That’s 88 brands. Has any one of them stepped forward to communicate directly with consumers? I’m asking because I haven’t seen anything. Only press releases. It’s early I know but if someone’s visiting a pet food web site today, there’s only one reason. Why isn’t a substantial recall message on everyone’s home page? At this moment, no word of any recall at all on a Purina site.

Is it because no one wants to address the startling fact that 88 brands — everything from cheap Ol’ Roy to Eukanuba — come out of the same 2 plants? How do you explain that? Can you? It’s a situation that baffles even pet experts: “How can a more expensive and theoretically higher quality food be made side-by-side with lesser products?…where is the quality control or oversight by the companies whose names are on the cans?….If each brand was actually being made according to a separate recipe, then what need would there be to recall every can made for every company during a three month period – unless they all shared common ingredients before being labeled and priced differently?”

That’s from a post at Notbillable.


So here’s the question I should have asked at the end of the other day’s entry about manufacturing in the U.S. and lux products and automation of manufacturing and all that.

Okay. So, let’s say you want to Buy American, you like the idea of Things Made in The United States, possibly because that means they are likely to be Sweatshop Free. Well, what about a product that’s made in United States — but in a completely automated factory?

That is, there’s no worry about exploited labor, because it’s all robotics and machinery. On the other hand, it still represents a threat to blue-collar employment, or at least it does nothing to help the manufacturing laborer in the U.S., at all. There’s no suffering — but there’s no solidarity.

Does it matter? Ethical plus, ethical minus, or ethical wash?

Making it

The “Outlook” column by Mark Whitehouse in the WSJ today notes that while we think all manufacturing is leaving the U.S., that isn’t quite so. For example: “U.S. production of audio and video equipment surged about 2% in December and was up 23% for all of 2006.”

So what’s being made in the U.S.? Whitehouse says it’s stuff that’s just not practical to make elsewhere.

One area of strength: high-end goods like top-of-the-line $6,000 Sony Grand WEGA TV sets and $15,000 Sub-Zero PRO 48 refrigerators, which appeal to the affluent folks who have been driving much of the growth in U.S. consumer spending….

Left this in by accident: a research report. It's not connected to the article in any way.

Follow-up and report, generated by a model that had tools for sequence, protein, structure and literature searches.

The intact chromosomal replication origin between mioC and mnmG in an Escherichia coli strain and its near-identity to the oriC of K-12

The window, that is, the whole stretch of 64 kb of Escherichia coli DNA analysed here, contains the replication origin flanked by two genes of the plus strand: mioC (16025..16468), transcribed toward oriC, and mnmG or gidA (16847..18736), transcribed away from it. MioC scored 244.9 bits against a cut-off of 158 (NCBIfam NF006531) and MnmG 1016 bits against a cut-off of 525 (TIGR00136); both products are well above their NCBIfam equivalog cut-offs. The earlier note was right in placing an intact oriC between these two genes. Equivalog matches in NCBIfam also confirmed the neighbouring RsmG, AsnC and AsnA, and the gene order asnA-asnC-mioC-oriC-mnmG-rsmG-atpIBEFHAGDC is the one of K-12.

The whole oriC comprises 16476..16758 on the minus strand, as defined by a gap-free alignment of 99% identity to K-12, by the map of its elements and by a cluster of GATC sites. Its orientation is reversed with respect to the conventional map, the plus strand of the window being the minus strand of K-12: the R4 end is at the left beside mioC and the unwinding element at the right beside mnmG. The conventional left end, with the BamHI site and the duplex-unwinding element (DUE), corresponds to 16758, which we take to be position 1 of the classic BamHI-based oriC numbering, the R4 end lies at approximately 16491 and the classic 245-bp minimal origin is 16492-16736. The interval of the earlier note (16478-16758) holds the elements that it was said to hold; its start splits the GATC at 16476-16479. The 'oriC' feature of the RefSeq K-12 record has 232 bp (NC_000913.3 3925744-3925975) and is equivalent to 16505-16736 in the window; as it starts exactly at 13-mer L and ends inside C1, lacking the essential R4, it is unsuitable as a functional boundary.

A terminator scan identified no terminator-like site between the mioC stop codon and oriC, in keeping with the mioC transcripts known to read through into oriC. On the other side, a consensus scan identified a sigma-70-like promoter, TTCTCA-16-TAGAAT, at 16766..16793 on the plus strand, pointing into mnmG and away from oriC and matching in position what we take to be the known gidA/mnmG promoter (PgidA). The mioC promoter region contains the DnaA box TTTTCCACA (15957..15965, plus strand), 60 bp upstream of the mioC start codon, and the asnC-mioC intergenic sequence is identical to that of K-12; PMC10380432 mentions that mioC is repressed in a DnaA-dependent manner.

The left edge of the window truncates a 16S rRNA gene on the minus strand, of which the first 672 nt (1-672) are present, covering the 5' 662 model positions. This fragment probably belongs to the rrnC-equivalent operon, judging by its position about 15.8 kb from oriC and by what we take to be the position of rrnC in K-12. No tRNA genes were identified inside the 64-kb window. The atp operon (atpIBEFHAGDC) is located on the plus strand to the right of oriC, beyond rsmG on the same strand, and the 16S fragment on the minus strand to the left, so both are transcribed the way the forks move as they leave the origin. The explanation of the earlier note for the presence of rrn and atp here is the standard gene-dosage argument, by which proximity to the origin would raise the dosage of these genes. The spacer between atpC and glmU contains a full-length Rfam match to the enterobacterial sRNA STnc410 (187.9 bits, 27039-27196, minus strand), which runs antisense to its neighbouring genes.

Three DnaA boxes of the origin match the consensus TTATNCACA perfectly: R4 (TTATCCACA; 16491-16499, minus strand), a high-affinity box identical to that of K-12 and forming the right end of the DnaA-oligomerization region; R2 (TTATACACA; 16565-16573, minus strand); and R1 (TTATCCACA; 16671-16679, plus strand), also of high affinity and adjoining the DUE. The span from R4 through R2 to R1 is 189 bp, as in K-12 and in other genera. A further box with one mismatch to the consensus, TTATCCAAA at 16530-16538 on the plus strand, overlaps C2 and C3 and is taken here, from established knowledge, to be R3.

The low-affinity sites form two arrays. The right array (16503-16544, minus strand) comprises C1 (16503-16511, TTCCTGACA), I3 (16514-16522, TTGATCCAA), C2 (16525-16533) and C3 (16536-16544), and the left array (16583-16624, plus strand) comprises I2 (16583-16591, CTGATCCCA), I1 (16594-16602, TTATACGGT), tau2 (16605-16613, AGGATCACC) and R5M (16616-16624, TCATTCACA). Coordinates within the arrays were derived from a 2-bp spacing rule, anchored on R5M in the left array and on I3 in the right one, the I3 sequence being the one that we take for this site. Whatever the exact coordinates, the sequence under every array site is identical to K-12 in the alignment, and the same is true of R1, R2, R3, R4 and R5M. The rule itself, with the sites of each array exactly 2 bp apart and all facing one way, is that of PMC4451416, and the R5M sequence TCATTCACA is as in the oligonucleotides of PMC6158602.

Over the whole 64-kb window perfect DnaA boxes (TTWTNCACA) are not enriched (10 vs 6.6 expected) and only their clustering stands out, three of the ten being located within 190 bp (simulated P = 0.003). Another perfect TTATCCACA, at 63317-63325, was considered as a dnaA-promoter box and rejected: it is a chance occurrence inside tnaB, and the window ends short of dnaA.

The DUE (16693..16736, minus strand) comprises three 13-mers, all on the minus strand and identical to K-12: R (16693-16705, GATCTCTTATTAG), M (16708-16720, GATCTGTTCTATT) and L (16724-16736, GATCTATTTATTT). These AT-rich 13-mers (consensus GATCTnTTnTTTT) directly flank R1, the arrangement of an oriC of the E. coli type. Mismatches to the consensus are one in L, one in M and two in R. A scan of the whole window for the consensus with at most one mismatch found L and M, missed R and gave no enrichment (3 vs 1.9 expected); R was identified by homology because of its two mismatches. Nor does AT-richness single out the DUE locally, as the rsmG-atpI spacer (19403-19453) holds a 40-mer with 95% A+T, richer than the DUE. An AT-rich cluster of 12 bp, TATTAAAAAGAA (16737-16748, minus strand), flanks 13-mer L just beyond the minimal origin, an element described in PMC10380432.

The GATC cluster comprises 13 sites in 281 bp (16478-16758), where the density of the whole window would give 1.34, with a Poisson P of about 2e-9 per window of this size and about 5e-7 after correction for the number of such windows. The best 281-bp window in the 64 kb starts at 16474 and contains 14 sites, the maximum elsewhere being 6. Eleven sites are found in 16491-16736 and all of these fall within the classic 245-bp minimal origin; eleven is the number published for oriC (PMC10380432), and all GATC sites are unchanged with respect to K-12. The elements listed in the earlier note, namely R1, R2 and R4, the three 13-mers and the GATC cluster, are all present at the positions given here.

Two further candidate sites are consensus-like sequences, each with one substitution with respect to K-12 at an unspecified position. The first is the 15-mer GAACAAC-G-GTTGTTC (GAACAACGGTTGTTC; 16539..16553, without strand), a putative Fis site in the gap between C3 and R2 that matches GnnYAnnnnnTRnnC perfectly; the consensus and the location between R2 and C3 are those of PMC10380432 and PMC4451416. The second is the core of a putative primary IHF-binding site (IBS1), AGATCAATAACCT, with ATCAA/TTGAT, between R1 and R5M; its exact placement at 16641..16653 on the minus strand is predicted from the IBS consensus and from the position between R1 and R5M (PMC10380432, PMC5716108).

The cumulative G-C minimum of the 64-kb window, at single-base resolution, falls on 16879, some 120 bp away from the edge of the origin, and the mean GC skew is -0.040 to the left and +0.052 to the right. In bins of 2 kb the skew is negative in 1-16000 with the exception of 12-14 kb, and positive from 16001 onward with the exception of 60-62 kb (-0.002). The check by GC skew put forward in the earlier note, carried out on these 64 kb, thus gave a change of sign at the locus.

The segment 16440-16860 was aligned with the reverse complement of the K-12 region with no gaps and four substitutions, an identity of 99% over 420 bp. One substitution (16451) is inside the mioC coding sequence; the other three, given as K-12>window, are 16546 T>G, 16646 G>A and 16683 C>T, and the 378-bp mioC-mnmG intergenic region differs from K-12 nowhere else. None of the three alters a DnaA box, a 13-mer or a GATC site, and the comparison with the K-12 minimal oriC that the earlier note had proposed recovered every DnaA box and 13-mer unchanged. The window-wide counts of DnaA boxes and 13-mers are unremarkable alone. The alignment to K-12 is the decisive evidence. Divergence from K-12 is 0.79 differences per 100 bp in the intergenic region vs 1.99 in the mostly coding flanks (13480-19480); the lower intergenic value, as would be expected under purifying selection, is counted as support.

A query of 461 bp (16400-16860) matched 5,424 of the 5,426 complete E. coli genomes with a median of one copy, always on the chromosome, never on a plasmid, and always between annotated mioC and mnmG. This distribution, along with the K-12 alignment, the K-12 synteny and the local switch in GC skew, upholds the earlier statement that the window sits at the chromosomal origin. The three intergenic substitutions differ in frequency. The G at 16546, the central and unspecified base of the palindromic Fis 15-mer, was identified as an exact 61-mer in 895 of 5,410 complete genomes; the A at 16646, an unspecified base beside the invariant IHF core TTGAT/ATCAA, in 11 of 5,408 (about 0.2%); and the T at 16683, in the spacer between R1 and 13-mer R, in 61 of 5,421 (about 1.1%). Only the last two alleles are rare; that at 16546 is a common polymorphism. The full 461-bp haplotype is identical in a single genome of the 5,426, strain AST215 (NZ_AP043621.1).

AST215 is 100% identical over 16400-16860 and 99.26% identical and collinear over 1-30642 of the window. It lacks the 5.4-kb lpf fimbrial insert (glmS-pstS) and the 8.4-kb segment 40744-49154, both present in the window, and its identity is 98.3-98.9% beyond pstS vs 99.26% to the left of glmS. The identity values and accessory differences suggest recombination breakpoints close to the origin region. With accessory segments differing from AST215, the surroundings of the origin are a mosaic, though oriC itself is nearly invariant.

“If the thing being sold to the U.S. market is locally customized, delicate, or very large, chances are it’ll continue to be produced in the U.S.,” says Bruce Greenwald, professor of business and economics at Columbia University in New York.

Hey, so maybe lux tastes will save the U.S. factory worker! Well, no. Of course this represesnts a “tiny fraction” of manufacturing. But even the gradual fatttening of this thin segment isn’t likely to create more manufacturing jobs. The Sub-Zero factory in Madison is producing more, but it’s not increasing its workforce.

Across the manufacturing sector, the picture is similar: To stay competitive, companies are doing everything they can to boost productivity — that is, make more stuff with fewer people. “Manufacturing in the U.S. is headed toward plants that have no people in them,” Prof. Greenwald says.

Here’s the link for WSJ subscribers.

Labor problems

You may have noticed a headline here or there last month, noting that Nike was ending a contract with one of its offshore suppliers, a Pakistan-based manufacturer called Saga Sports. The problem was evidence that Saga was using at least some child labor.

The Christian Science Monitor has an article taking a more detailed look at this, written by David Montero. “By severing its contract with Saga, Nike is likely to score moral points with its customers in the West,” Montero writse. “But it’s also likely, observers agree, to sink Saga, a corporate giant that makes about 6 million of Pakistan’s annual production of 40-million soccer balls,” employs thousands of stitchers, and depends heavily on Nike as its top customer.
Saga is based in Sialkot, Pakistan (population: 3 million), where the article says that 80 percent of all soccer balls are produced, adding up to a $210 million business category that employes around 45,000 stitchers. (“For as long as there have been soccer balls in Sialkot,” which is more than 100 years, “the hands of children have stitched them,” the piece adds.)

Obviously the article doesn’t suggest that child labor is okay, nor does anyone quoted in the piece say so. But it’s a pretty interesting look at a problem that’s more complicated than it might first appear to be. Check it out.